Connect with top gaming leaders in Los Angeles at GamesBeat Summit 2023 this May 22-23. Register here.
Google secretly acquired the team at mobile app development startup Apportable more than a year ago, VentureBeat has learned. Terms of the deal have not been disclosed, but multiple sources have said that it was an acqui-hire.
Apportable was founded in 2011 by former Cooliris consultant Collin Jackson and former Webroot software engineer Ian Fischer to enable developers to allow iOS apps to run on Android devices without extensive changes to their code. The company is believed to have been purchased in March 2015. Sources indicate that not everyone was kept on after the deal closed, but Jackson and Fisher were retained and are now software engineers at Google, having officially joined in May 2015. Interestingly, it’s a bit of a homecoming for Jackson, who once completed a software engineering internship at the Mountain View, Calif.-based company.
Jackson and Fisher are joined at Google by 11 members of Apportable’s engineering team, while the rest of the 65 employees have been let go. Even though the deal is considered an acqui-hire, Apportable still remains operational, albeit with a skeleton crew. Following Jackson and Fisher’s relocation, Google installed Apportable software engineer Jim Terry as chief executive. Sources say that the proverbial lights are being kept on, as some clients are still using Apportable’s technology.
Google declined to comment.
Join us in San Francisco on July 11-12, where top executives will share how they have integrated and optimized AI investments for success and avoided common pitfalls.
This isn’t the first time the two companies have worked together. As a mobile app development platform, Apportable developed a relationship with Google, and even received funding from that company’s early-stage venture firm, GV. But in spite of the startup’s auspicious beginning, sources shared that Apportable experienced some financial difficulties.
Apportable has offered three products: an eponymous flagship service targeting enterprises; the open-source SpriteBuilder aimed at games; and Tengu, which was formerly known as Apportable Indie and allowed developers to reuse Swift and Objective-C code without compromising on the native user interface.
Many of these products have become casualties of the deal, with Tengu seemingly taken offline — the site displays an error message. SpriteBuilder’s site remains online, but the app is no longer available — at least in the Mac App Store in the U.S. Its SpriteBuilder store has an expired security certificate — it’s been outdated since January 2016 — and the blog has also not been updated since then. As for Apportable’s enterprise offering, if you try to access more details, the site displays a programmatic error message saying that it can’t find the right “template” to display.
Further proof of Apportable’s change in ownership includes the fact that its contact page has been taken offline and its office no longer exists — the current tenant is smart lock maker August.
Jackson once described an experience playing “Angry Birds” as his inspiration for Apportable, saying he was “frustrated that I couldn’t play it on my Android device, despite it having been released on iOS for 10 months. I started emailing top game developers and asking why they were all iOS exclusive, and found out that in most cases they wanted to support Android, but porting was slow and expensive.”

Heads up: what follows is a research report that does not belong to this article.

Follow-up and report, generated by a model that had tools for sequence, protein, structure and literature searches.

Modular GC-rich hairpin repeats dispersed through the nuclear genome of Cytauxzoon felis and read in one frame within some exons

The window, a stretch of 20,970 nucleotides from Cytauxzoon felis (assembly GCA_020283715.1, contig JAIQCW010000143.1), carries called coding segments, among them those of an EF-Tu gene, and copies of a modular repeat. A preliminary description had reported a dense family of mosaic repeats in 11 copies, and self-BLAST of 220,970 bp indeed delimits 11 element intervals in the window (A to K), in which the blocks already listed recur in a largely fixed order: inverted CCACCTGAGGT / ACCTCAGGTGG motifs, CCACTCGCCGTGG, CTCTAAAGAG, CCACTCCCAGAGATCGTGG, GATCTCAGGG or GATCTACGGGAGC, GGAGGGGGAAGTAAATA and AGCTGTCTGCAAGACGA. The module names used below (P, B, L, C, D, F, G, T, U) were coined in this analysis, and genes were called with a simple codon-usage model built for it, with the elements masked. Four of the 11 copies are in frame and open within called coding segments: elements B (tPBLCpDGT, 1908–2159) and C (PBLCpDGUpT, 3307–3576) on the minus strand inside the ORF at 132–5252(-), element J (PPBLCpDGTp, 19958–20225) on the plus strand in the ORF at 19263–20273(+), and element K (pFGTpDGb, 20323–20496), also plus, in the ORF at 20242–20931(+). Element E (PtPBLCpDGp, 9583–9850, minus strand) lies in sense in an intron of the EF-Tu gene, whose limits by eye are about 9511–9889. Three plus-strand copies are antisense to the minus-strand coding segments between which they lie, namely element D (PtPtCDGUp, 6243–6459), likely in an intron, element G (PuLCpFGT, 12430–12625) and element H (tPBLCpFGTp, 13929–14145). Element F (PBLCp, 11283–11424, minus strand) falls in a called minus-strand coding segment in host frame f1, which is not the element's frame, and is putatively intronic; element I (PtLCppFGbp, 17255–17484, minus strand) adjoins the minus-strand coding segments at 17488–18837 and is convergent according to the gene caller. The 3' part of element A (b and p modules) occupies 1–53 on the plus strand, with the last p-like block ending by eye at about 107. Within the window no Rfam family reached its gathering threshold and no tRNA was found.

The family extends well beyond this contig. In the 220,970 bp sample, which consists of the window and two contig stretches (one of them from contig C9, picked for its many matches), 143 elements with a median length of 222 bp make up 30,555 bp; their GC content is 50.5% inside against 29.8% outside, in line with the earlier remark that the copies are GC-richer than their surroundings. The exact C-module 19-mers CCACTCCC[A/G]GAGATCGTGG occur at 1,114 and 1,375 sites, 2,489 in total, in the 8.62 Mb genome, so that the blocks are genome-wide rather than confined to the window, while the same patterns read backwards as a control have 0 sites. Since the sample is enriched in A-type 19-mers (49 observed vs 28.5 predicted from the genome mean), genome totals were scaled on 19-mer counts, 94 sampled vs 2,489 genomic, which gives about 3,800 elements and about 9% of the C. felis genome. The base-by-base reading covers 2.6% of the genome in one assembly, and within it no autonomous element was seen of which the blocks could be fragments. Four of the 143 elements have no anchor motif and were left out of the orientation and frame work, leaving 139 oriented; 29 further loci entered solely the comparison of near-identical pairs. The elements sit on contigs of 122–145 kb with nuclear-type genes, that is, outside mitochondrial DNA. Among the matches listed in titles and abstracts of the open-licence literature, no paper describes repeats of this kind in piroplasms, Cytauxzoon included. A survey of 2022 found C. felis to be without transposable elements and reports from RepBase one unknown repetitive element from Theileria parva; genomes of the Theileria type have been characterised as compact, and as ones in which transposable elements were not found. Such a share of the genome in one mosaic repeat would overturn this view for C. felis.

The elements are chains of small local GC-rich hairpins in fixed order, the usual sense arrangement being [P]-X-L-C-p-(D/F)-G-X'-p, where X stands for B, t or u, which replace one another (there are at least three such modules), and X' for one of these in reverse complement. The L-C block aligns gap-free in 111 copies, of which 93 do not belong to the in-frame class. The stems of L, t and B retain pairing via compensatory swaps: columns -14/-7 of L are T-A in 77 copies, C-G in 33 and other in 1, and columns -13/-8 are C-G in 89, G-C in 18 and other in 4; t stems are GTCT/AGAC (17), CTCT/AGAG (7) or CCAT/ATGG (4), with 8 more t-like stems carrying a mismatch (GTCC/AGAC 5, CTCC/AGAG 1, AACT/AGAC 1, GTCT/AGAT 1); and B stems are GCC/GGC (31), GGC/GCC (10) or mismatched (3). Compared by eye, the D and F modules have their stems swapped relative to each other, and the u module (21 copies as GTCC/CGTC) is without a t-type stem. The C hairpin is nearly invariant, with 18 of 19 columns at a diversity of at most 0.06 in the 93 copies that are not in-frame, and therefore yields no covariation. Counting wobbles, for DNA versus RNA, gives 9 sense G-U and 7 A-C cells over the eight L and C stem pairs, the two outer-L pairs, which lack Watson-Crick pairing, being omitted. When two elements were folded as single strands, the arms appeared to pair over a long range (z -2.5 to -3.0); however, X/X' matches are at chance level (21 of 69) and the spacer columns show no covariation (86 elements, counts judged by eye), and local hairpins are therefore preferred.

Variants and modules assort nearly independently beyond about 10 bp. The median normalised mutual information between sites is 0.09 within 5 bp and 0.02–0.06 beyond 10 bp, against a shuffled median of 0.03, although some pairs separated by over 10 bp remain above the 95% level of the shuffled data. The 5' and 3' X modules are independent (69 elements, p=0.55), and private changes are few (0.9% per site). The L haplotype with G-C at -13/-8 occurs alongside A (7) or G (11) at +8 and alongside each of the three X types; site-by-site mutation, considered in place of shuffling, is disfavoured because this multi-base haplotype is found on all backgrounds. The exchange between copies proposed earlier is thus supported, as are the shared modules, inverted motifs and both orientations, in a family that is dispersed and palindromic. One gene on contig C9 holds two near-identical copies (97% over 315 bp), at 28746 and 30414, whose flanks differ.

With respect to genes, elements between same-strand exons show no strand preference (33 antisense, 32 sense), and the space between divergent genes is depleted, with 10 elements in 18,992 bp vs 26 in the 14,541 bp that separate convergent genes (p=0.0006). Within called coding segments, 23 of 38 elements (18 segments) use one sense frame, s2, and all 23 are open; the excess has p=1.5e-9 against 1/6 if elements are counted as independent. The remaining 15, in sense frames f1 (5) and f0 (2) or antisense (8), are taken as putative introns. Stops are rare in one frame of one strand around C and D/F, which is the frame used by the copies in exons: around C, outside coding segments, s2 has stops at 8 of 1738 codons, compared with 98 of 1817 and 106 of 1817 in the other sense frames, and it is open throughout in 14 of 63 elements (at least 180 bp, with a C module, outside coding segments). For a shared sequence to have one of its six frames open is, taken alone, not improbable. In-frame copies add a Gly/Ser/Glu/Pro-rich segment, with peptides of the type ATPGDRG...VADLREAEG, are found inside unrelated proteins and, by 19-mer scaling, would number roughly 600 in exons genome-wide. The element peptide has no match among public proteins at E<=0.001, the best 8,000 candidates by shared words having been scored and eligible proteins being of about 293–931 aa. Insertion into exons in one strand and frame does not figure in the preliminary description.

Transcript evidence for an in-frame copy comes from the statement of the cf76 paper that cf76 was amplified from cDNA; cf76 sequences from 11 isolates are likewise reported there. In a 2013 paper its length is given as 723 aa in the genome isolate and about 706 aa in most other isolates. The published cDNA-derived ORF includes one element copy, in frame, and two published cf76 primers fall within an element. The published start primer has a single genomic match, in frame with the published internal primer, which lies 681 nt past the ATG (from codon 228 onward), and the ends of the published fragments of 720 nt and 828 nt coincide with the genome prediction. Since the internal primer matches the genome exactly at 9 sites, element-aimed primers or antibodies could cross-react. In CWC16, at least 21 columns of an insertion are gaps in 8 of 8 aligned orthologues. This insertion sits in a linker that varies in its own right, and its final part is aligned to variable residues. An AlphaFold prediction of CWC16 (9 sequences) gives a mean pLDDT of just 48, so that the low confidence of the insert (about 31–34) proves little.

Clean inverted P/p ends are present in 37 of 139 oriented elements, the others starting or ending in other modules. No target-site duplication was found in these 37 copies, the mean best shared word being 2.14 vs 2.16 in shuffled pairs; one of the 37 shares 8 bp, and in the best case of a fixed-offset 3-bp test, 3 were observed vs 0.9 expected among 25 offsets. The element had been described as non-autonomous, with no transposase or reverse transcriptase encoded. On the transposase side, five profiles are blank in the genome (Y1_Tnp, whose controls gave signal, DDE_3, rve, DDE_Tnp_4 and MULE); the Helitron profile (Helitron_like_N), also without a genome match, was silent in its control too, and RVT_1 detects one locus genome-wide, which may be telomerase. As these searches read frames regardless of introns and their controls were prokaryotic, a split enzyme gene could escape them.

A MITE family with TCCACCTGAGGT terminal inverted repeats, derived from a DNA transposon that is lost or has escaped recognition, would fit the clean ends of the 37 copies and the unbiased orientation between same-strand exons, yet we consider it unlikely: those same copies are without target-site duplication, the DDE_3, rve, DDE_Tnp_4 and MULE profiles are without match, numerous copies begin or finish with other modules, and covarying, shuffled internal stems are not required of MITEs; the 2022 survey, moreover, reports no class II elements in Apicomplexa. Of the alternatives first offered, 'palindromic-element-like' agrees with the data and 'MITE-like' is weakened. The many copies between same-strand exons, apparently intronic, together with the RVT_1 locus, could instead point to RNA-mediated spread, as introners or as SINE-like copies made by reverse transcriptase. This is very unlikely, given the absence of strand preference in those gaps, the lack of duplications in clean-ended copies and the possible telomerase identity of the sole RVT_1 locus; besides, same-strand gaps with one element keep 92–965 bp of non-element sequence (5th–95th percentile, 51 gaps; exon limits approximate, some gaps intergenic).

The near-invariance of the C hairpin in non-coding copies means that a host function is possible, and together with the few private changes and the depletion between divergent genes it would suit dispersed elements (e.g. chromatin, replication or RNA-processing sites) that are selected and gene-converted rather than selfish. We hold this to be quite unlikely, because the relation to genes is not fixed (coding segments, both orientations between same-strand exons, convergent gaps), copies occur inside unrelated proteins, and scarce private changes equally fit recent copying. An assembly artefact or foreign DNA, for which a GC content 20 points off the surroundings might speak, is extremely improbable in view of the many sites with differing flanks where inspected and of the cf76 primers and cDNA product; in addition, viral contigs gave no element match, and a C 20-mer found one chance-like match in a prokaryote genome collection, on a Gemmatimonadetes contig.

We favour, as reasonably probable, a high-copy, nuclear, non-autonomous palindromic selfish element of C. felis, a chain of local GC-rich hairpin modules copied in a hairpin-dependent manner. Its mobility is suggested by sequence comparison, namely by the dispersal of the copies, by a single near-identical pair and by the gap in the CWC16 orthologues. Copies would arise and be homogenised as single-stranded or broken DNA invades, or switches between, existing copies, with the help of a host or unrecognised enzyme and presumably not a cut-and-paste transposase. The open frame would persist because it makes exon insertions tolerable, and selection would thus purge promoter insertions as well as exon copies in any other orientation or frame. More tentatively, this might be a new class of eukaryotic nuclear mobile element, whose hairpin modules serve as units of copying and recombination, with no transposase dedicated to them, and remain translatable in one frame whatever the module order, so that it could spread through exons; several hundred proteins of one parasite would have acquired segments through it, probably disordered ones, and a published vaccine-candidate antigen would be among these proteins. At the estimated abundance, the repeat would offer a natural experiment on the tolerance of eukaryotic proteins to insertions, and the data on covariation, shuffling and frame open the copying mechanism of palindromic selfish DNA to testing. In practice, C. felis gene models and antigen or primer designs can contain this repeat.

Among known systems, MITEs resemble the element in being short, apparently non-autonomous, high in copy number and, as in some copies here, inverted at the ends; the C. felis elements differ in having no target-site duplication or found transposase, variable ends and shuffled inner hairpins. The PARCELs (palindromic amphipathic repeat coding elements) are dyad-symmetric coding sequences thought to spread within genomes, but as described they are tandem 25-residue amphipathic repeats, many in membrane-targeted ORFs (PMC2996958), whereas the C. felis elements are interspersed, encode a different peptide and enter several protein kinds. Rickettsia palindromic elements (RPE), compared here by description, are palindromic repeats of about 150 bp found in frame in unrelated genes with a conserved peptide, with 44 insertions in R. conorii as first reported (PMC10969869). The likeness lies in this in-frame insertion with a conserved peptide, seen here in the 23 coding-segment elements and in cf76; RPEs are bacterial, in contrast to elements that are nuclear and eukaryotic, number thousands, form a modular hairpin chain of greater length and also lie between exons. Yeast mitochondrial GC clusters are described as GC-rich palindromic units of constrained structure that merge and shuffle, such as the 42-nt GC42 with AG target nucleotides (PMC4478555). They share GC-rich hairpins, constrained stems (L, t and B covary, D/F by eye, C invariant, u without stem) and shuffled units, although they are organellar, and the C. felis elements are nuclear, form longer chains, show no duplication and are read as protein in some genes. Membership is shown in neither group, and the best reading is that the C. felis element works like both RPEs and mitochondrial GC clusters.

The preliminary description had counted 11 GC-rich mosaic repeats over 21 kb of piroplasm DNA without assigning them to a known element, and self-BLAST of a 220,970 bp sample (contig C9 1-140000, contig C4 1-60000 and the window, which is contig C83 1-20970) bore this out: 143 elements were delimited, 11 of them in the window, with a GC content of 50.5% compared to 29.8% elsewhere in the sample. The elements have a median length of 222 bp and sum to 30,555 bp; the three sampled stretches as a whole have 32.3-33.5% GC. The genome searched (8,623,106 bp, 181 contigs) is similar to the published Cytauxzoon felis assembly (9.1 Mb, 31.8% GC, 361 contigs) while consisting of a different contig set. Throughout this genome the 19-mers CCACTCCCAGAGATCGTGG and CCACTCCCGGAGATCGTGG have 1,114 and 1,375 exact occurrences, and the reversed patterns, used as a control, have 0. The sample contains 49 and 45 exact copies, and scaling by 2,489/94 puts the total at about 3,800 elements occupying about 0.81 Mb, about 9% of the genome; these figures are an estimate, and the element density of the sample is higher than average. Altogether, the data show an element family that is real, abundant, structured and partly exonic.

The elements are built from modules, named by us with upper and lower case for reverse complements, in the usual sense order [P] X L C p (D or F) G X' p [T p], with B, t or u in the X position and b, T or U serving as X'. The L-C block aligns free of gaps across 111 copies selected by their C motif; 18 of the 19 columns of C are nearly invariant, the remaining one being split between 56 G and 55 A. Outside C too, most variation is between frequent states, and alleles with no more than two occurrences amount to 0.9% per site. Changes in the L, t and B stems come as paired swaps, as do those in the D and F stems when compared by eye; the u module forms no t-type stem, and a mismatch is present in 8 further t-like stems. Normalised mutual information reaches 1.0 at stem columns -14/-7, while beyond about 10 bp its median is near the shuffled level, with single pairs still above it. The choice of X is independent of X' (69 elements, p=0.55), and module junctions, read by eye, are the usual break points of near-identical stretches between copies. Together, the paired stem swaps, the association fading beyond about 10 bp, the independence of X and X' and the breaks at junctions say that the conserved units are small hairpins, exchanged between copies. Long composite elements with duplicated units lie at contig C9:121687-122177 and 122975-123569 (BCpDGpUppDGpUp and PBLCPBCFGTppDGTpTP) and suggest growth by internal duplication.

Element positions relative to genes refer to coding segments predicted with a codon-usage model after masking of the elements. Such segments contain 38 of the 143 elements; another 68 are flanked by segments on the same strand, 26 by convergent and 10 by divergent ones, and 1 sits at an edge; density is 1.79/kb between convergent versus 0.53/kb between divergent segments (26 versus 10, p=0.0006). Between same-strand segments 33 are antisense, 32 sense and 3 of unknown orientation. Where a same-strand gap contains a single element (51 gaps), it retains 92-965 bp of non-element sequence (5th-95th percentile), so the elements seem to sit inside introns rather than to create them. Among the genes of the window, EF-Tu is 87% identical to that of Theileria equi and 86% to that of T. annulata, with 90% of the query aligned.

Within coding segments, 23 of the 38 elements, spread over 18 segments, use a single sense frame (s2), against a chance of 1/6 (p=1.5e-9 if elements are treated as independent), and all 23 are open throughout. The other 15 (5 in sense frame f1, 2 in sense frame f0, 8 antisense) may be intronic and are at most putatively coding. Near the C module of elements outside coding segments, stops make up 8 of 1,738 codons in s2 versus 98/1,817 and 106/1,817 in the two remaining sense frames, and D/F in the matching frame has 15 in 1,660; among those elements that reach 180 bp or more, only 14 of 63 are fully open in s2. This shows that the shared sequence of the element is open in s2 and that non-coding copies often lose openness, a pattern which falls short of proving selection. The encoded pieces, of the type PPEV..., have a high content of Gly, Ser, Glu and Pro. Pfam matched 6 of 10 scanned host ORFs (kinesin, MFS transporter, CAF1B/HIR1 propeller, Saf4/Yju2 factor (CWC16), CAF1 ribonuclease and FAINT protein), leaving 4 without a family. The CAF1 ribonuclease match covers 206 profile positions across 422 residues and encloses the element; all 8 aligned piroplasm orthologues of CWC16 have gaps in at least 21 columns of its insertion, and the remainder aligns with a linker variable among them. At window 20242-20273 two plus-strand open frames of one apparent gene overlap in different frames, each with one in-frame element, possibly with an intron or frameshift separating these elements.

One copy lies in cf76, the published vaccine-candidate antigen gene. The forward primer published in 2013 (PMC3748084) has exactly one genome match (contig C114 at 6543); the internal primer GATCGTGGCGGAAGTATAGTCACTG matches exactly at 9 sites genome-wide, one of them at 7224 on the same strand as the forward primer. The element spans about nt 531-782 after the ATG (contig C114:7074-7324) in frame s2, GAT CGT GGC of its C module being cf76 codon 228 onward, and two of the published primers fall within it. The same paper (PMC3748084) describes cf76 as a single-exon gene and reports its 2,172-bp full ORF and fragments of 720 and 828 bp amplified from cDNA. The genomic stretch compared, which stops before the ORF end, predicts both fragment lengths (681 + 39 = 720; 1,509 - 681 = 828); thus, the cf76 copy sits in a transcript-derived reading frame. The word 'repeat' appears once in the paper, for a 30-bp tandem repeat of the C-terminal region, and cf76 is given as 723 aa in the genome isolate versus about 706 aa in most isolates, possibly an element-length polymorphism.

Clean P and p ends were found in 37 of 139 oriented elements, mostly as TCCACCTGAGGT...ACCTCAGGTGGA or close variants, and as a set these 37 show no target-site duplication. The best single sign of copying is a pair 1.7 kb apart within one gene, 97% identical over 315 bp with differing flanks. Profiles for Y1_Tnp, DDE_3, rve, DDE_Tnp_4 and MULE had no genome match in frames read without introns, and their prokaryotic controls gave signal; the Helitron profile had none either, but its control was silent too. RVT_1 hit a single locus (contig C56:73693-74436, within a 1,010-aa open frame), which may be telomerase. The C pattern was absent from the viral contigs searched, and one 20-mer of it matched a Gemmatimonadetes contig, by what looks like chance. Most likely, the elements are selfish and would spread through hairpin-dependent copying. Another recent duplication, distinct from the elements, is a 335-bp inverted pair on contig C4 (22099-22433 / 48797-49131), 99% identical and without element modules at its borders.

It’s unclear what Google is building with the Apportable team, but it’s likely that the company will produce more tools that ensure developers don’t have to choose which operating system they should first build their app on. This could accelerate growth in the Android ecosystem, driving more development and guaranteeing that more productivity, entertainment, gaming, and social apps are supported by your smartphone. Google may also be using the technology and team to build out its Fuchsia operating system.
This wouldn’t be the first time Google has made deals to bring in tools that Android developers need. Last month, the company acquired LaunchKit to add the company’s mobile app development suite of products to Google’s Developer Product Group, which contains resources around leveraging Google account log in, analytics, messaging, storage and sync, app testing, monetization, payments, gaming, maps, and performance monitoring. And let’s not forget the acquisition of Firebase, aimed at building better real-time apps, and Agawi, which powers streaming native mobile apps.
The move could also be viewed as an effort by Google to stay one step ahead of its competitors, especially around making it easier for iOS apps to be supported on other platforms. Earlier this year, Microsoft acquired mobile app development company Xamarin to improve its developer tools and services. However, earlier this year, the Redmond, Wash.-based company also killed off its Project Astoria initiative, an effort to port Android apps to Windows 10 — basically creating universal apps. Instead, Microsoft shared that it would be focusing efforts on enabling conversion of iOS apps to Windows 10 devices, including Xbox and PCs.
Apportable had previously raised $7.4 million in venture funding from investors ACE & Company, Betaworks, Eastlink Capital, Danhua Capital, GV, Salesforce Ventures, Y Combinator, and Alexis Ohanian.
VentureBeat's mission is to be a digital town square for technical decision-makers to gain knowledge about transformative enterprise technology and transact. Discover our Briefings.